We do not know what happens to Nora when she leaves the house, and that’s not really the point. The point is that she slammed the door and left.
AGAIN, this was NOT considered natural – in life or on the stage.
When the first audiences at the premiere of the play in Norway saw this performance and Nora slammed the door, they remained quietly in their seats and did not clap – they did not think the play had ended. They were waiting for the next scene when Nora returned to the house and made amends with Torvald. That night the stage manager had to come out onto the stage and explain to the audience that the play was over.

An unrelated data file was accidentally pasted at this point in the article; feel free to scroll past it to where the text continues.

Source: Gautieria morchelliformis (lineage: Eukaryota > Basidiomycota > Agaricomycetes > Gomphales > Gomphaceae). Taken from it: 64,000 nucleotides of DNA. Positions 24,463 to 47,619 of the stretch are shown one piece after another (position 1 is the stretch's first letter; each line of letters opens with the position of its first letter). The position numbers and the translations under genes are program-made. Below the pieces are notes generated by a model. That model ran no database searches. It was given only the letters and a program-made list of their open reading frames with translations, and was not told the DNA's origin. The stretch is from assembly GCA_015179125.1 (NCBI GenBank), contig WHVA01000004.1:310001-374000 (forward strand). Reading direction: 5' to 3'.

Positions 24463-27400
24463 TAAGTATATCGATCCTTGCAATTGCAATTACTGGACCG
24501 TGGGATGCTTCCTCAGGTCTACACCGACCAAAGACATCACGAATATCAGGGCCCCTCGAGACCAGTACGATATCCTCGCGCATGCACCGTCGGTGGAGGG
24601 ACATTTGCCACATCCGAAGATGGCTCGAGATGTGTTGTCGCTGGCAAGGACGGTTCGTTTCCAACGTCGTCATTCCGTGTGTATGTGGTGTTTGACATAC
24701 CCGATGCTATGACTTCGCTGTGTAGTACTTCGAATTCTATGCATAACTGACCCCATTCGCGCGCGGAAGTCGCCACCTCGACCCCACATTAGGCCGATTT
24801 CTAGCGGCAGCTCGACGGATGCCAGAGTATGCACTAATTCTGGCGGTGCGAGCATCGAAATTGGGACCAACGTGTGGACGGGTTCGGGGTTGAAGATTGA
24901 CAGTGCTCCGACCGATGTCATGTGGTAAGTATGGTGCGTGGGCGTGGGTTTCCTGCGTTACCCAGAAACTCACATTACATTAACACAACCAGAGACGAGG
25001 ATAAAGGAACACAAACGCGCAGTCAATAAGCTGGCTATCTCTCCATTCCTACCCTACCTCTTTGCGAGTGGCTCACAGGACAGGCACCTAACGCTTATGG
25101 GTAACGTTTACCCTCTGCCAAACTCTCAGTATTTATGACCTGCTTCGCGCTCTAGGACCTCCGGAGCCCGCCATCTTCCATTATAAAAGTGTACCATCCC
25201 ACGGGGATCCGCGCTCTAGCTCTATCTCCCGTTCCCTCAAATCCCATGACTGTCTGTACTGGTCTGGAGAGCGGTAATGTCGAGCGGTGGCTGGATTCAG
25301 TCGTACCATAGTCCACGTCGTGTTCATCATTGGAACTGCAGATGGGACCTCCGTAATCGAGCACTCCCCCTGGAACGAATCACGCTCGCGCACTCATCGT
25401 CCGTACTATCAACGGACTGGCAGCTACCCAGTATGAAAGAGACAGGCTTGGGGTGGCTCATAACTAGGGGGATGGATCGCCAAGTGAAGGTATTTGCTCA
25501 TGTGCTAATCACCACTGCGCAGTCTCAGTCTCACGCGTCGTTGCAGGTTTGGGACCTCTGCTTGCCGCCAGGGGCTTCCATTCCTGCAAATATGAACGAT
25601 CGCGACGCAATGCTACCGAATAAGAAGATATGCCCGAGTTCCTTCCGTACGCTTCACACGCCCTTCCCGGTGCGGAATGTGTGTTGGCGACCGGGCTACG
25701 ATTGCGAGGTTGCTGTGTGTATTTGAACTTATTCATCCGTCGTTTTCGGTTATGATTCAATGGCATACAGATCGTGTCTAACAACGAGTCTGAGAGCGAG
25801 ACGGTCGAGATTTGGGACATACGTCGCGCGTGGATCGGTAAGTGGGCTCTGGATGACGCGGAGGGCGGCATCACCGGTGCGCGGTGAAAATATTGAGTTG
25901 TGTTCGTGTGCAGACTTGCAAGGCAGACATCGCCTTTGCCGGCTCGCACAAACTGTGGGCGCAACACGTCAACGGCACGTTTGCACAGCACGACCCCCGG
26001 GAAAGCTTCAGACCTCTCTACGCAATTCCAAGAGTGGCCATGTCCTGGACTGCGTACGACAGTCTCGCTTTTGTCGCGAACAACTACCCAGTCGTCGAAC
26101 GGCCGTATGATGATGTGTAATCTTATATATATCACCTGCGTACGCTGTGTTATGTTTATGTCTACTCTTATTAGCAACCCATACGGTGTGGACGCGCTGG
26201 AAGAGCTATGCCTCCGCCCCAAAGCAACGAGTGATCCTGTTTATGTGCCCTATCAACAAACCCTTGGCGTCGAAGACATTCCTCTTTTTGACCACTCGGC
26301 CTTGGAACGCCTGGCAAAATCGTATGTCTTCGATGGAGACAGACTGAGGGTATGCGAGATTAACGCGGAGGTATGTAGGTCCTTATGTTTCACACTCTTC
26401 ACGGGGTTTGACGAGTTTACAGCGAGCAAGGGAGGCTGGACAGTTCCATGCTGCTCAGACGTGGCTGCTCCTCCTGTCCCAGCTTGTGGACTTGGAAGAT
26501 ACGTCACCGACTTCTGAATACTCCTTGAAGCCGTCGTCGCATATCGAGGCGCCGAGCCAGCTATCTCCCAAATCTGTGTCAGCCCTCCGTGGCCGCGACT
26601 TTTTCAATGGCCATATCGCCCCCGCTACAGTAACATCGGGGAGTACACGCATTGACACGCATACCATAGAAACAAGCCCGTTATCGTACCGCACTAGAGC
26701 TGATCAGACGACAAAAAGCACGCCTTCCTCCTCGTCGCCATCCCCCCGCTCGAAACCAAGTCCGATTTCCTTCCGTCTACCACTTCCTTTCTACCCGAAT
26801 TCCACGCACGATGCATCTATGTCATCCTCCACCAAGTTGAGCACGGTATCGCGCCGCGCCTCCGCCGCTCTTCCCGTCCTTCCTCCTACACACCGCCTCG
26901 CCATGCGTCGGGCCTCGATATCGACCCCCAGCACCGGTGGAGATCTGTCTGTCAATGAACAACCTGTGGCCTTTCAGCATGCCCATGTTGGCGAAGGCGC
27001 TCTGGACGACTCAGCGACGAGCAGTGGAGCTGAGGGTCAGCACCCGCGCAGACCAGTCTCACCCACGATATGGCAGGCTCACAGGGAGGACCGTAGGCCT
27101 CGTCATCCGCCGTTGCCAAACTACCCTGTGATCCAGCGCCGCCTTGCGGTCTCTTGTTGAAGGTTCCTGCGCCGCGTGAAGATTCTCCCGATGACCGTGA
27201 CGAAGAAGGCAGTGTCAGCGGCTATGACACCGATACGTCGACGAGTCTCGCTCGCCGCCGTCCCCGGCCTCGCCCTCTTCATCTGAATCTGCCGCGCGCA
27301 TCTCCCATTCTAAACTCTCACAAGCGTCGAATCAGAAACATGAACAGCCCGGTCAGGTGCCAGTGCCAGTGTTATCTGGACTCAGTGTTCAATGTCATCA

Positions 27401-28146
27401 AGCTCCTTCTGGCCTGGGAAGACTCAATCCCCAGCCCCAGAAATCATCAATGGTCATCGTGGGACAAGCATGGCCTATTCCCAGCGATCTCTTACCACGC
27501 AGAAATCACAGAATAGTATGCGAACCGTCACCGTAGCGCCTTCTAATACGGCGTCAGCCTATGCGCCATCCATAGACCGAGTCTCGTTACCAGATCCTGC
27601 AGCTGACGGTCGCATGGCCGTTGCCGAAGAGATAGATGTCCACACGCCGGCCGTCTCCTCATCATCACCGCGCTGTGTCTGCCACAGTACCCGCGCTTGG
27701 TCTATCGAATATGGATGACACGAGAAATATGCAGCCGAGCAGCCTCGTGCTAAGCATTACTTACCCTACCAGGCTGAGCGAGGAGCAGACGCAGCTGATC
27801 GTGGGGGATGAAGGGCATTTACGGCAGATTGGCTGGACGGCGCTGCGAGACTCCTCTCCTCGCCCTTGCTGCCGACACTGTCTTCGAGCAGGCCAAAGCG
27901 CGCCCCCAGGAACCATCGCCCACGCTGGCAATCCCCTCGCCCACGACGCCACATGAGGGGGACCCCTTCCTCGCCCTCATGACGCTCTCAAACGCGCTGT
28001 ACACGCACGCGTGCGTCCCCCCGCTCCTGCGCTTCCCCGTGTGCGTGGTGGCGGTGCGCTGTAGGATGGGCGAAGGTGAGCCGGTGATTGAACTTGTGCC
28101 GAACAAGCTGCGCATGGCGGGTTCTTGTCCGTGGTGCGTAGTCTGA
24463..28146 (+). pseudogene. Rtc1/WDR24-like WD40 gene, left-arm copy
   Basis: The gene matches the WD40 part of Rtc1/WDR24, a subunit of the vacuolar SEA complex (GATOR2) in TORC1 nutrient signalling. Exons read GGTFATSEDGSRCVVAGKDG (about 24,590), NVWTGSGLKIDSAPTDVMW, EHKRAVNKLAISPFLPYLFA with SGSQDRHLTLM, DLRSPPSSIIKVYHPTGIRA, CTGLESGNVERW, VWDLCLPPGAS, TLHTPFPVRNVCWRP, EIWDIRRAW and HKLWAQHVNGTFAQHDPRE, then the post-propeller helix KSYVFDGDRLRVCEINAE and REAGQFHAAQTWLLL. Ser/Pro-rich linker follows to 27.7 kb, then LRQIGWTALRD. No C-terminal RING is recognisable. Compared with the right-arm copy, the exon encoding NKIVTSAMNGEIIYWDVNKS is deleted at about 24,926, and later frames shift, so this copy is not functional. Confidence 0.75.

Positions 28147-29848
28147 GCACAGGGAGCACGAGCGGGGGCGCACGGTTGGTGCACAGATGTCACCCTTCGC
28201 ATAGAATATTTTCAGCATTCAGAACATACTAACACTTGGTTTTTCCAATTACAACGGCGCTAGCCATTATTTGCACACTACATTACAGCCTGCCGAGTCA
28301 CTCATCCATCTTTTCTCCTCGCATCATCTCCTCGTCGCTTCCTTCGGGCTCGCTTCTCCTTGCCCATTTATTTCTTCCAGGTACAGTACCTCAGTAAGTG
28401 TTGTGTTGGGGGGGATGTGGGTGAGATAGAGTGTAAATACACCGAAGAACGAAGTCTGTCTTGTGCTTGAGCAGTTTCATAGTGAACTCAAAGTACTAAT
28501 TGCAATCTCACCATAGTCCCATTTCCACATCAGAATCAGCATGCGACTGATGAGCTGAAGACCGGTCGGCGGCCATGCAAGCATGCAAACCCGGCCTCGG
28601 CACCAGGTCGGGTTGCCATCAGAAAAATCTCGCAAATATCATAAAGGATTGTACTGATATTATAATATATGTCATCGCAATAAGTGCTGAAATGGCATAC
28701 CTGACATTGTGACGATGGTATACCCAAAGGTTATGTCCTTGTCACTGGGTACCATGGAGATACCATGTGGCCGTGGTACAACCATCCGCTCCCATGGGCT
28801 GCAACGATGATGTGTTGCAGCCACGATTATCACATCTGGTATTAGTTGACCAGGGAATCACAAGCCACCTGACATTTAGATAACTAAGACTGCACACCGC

Audiences were completely bewildered.
This is important for a couple of reasons.
1. Naturalistic/realistic theatre (as we discussed last class) had certain conventions that audiences had to learn: they were used to romantic theatre and melodrama and thus were used to happy endings and resolutions. 2. Nora is not like the women of her day in one major respect: she is so much stronger
than the bourgeois women of the late 19th century in her Norwegian society (and in European societies more generally) because she had the self-respect that other women were denied.
- Responses to Ibsen
this is so INTERESTING to me like shit man. STOP HATING ON NORA EVERYONE. READ DIZZZZZZ